So, even if you and your mom sometimes have the occasional disagreement, remember, she loves you. Give her a hug. Watch “Terms of Endearment” together. Life is too short to be mean.

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Month of May Mothers: Milk.


No, this isn’t a call about what or how to feed babies, or that remarkable mammalian characteristic. But it is about what mothers feed their children when the children start to talk. It’s about choices.

I heard a disturbing, and I guess somewhat unsurprising, NPR story yesterday called “Soda in America: Children and Families.” What shocked me was when one proud boy said he had had breakfast, and to drink he had pineapple soda. He thought because it said “pineapple” it was made from fruit, and therefore good for him. His thinking was correct, if indeed the drink had been made from 100% fruit juice, but alas, the content was not.

There are two big issues here:

1. Know how to read a food label, and APPLY YOUR KNOWLEDGE TO YOUR CHOICES

2. Don’t go for “easy,” but try to go for ” better.”

It’s not just about choosing to drink soda all day. It’s also about the fact that in urban areas, it’s a “food desert,” meaning there are no large grocery stores that carry a variety of healthy, relatively inexpensive foods. In many urban areas, convenience stores dot the corners, offering up an array of salty, sugary snacks: a lot of empty calories that cause heart disease, obesity, and other health issues.

I do not claim to eat all that healthy. I have been through stages where I’ve experimented with vegetarianism, whole foods, etc., but life and stress does enter into my eating choices. But instead of reaching for a Diet Coke, next time I’ll drink water; instead of carrot cake, I’ll have carrots. (I’m not that dumb, I just like cake.)

For example, today I brought an Arizona “Lite” Green Tea Lemonade. It has only 50 calories a serving, no fats, and 5% carbs (sugars). But I’m drinking the whole thing. It has 5 servings. Do the math: that’s 250 calories! I could have, and should have drunk that much in water today, for NO CALORIES, and my tummy, skin, and life would have felt better for it.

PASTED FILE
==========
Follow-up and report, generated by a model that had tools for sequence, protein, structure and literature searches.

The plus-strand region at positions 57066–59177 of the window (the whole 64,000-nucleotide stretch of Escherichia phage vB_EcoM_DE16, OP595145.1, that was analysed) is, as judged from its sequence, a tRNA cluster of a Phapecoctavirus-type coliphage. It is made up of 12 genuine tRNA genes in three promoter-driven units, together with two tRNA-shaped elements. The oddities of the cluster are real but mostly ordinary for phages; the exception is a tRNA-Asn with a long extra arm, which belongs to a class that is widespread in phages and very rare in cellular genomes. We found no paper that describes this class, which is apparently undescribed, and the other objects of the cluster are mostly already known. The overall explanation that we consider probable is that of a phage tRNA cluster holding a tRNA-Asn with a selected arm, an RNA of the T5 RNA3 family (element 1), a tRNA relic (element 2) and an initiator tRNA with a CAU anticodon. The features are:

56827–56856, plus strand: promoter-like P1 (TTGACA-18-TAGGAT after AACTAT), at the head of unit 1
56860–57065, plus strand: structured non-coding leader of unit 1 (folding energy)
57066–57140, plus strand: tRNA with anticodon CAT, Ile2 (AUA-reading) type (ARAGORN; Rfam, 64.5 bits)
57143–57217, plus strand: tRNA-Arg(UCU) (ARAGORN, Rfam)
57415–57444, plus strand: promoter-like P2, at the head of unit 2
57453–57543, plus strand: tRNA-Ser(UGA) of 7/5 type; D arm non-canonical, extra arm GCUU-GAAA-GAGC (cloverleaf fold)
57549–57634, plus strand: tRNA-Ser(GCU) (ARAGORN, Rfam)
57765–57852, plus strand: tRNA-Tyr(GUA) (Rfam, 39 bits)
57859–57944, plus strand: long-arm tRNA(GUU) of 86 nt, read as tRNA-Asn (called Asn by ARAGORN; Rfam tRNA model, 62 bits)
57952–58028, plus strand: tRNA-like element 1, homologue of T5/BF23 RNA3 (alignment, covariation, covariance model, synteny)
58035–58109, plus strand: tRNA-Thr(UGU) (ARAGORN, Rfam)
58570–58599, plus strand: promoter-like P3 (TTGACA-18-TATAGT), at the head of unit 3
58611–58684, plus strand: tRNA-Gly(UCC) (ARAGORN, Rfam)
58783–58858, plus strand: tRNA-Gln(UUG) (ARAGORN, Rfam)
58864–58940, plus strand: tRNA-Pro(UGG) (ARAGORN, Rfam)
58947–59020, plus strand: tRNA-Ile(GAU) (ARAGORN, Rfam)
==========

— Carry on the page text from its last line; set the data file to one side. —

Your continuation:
You read for your life, literally.

Food Label

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Month of May Mothers: Frida.

self-portrait-croppedYou lived in the unsafe shadow of a

Man who was a giant in size and

Appetites, with his own quiver of

Arrows to shoot through you like

Sebastian on a tree but your

Children are stronger for it, and live longer, for


Gracias, Senora, for confronting our self-images, staring back from the frame, we


our own face.

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Month of May Mothers: Parvarti

ParvartiThe Hindu goddess of love, and second wife of Shiva. She is Ganesha’s mother:

From Goddess A Day:

Ganesha’s first encounter with his father came shortly thereafter. Parvati had asked Ganesha to guard her cave and not allow any strangers to enter. Shiva, regretting his actions toward his wife, came to ask for her forgiveness, but Ganesha did not recognize him and would not permit him to pass. Shiva grew angry with this obstacle to his wife and, not knowing that Ganesha was his son, beheaded him. When Parvati discovered what had happened, her grief was immense, and Shiva promised to find a new head for his son. He could only find the head of an elephant, and used it to bring Ganesha back to life.

That must have been an interesting Mother’s Day THAT year, let me tell you! “Hey, um, sweetheart, I chopped off our son’s head, and replaced it with an elephant’s. But, he’ll be fine! Honey, you look fabulous in that dress. I made reservations!”

Parvati is all about forgiveness, and Shiva needs her grace and strength. But aren’t most moms about unconditional love for their families, even if there’s a nasty misunderstanding in caves?